Partial Fast

This fast is sometimes called the “Jewish Fast” and involves abstaining from eating any type of food in the morning and afternoon. This can either correlate to specific times of the day, such as 6:00 am to 3:00 pm, or from sunup to sundown.

Soul Fast

This fast is a great option if you do not have much experience fasting food, have health issues that prevent you from fasting food, or if you wish to refocus certain areas of your life that are out of balance. For example, you might choose to stop using social media or watching television for the duration of the fast and then carefully bring that element back into your life in healthy doses at the conclusion of the fast.

A Prayer Guide

“Fasting without focused prayer is a diet.”

Matthew Palmer

At Journey, we don’t have to follow a specific formula to talk with God, but practicing different ways to pray can help us find deeper purpose and connection to Him through our prayer time.

Need some help or guidance knowing how to pray?  We’re including a link to a Prayer Guide.  This guide is designed to give you several prayer models. You don’t have to master all of them at once; you can select a different prayer model each day in any order you want, and even spend a few days on the same model as you become more comfortable.

To get started, choose which model you want to use today in prayer. As you pray, focus on the process the model reveals, giving yourself time to pray intentionally. If your mind wanders, use the model to restore your focus.

The goal of using this guide is not to add pressure or overwhelm you. The goal is simply to get comfortable with different biblical models of prayer and for your prayer life to become more natural, effective, and enjoyable. To make your prayer time even more meaningful, you can write notes and prayer requests and play worship music. The most important step is committing to regularly entering God’s presence through prayer.

The heart of this guide is to help you find a new level of purpose, effectiveness, and enjoyment in your prayer life. While prayer does take commitment and can require discipline to develop into a daily habit, we also want to remember that it’s a “get to” not a “got to.” It’s a privilege to be able to come to God in prayer.

Our 21 Day Fast Schedule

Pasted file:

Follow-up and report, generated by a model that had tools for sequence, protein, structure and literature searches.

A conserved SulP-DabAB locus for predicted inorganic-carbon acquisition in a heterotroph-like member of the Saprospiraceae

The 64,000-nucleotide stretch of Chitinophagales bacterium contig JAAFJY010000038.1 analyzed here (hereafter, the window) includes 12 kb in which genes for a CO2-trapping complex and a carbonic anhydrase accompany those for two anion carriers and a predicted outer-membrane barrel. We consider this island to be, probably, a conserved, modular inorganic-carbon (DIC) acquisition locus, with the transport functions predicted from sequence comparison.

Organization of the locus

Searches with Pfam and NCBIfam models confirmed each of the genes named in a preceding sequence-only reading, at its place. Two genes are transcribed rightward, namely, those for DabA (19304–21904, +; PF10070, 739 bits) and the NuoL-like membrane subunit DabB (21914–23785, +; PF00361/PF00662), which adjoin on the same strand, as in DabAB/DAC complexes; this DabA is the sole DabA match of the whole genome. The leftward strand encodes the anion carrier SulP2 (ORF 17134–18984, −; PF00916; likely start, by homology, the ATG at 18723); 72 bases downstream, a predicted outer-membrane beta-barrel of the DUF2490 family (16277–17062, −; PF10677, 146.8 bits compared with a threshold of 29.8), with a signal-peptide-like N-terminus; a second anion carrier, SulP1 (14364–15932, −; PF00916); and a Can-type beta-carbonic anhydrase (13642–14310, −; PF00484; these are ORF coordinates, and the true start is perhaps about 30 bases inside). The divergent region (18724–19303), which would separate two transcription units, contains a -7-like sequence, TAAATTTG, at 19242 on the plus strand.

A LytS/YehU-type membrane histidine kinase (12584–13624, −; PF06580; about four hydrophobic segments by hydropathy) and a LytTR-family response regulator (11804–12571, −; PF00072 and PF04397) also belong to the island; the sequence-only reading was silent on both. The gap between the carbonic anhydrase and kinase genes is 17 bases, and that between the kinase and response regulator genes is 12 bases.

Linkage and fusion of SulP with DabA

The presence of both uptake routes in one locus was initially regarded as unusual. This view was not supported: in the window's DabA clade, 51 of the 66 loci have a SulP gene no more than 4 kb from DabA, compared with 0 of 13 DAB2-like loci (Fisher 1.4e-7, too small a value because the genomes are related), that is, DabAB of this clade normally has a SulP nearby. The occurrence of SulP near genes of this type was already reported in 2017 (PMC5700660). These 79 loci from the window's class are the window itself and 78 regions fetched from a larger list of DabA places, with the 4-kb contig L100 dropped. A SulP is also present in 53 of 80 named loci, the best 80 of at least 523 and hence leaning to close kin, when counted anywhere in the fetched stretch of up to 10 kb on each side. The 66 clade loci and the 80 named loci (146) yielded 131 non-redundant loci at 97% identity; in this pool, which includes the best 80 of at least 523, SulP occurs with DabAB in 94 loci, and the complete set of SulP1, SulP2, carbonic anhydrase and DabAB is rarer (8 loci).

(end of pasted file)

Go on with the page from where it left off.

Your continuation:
February 7-28, 2021

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“Even now, declares the LORD, Return to me with all your heart, with fasting and weeping and mourning.”   Joel 2:12 NIV
The LORD says, “I will give you back what you lost…”  Joel 2:25 NLT

WEEK 1: RETURN TO OUR FOCUS ON JESUS

February 7-13, 2021

Sunday: Church Service – Hebrews 10:25

Monday: Worshipping Him – John 4:23

Tuesday: Dependence on Him – Zechariah 4:6

Wednesday: Surrendered to Him – Romans 12:1

Thursday: Committed to Him – Proverbs 3:6

Friday: Obeying Him – 1 John 5:3

Saturday: Experiencing Him – 2 Corinthians 3:16-18

WEEK 2: RETURN TO GOD’S WORK IN ME

February 14-20, 2021

Sunday: Church Service – Acts 2:42

Monday: Freedom from Bondage – Galatians 5:1

Tuesday: Healing from Disease – Isaiah 53:5

Wednesday: Vision for My Life – Habakkuk 2:2-3

Thursday: Blessing over Trouble – Philippians 4:19

Friday: Victory over the Enemy – 1 Corinthians 10:3-5

Saturday: Miracles for the Impossible – Matthew 19:26

WEEK 3: RETURN TO OUR MISSION TOGETHER

February 21-28, 2021

Sunday: Church Service – Psalm 84:4

Monday: Revival in Our Nation – 2 Chronicles 7:14

Tuesday: Building of Our Church – Matthew 16:18

Wednesday: Fighting for Our Families – Nehemiah 4:14

Thursday: Reaching Our Sphere of Influence – Acts 1:8

Friday: Salvation for Our Generation – 2 Peter 3:9

Sabbath Saturday:  Rest with your family, or alone.  But use this day as a day of refueling.  Don’t focus on anything work related…do your best to not participate in extra curricular activities [sports, shopping, etc].  Turn off ALL electronics like TV, phones, computers, etc.  And use this time for focusing on God and others.

Final Sunday – A celebration service of Surrendering our hearts to His will.